Her boyfriend, Brock, was the nicest guy she had ever had the pleasure of meeting– tall and athletic with a low-cut fade and waves atop his head that were shiny and defined. Stacey always imagined growing old in his arms experiencing the most healing form of love anyone could conjure up; many times, little faces that shared features with them danced into her dreams. Their future son would have Brock’s broad shoulders and thick lips, while their future daughter would have her smile and charisma. Yes, she could see the beautiful life that she would share with the man that she loved; all she had to do was the right thing and let destiny take its course.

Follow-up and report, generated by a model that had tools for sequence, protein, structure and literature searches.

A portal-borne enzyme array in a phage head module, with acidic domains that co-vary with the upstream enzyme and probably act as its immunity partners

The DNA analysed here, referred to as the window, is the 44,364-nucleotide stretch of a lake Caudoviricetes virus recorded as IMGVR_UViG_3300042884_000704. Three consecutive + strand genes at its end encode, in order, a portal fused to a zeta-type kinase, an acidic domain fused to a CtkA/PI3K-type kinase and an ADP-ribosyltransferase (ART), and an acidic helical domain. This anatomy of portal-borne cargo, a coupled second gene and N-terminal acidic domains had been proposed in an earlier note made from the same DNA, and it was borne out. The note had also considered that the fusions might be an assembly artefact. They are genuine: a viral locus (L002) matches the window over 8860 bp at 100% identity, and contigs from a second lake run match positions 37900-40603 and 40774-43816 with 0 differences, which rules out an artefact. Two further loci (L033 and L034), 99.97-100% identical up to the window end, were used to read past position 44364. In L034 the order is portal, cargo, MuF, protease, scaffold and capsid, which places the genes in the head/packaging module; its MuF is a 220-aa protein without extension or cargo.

Interestingly, she grew up knowing and believing in exactly what the “right thing” was. As a child, she was not the most obedient nor was she innocent for long. Manipulating others was something she grasped at about 3 or 4 years old. Though she had faults and at times even a murky tongue, kid Stacey was generally morally balanced. Firmly believing in doing what was right, she found herself getting close to those that were rejected by the popular crowd in school. If she could help someone in any way, she lunged at the chance. Learning how to be an effective listener early on, she found that many people participated in conversation selfishly—only to be heard and felt. Luckily, empathy was her gift.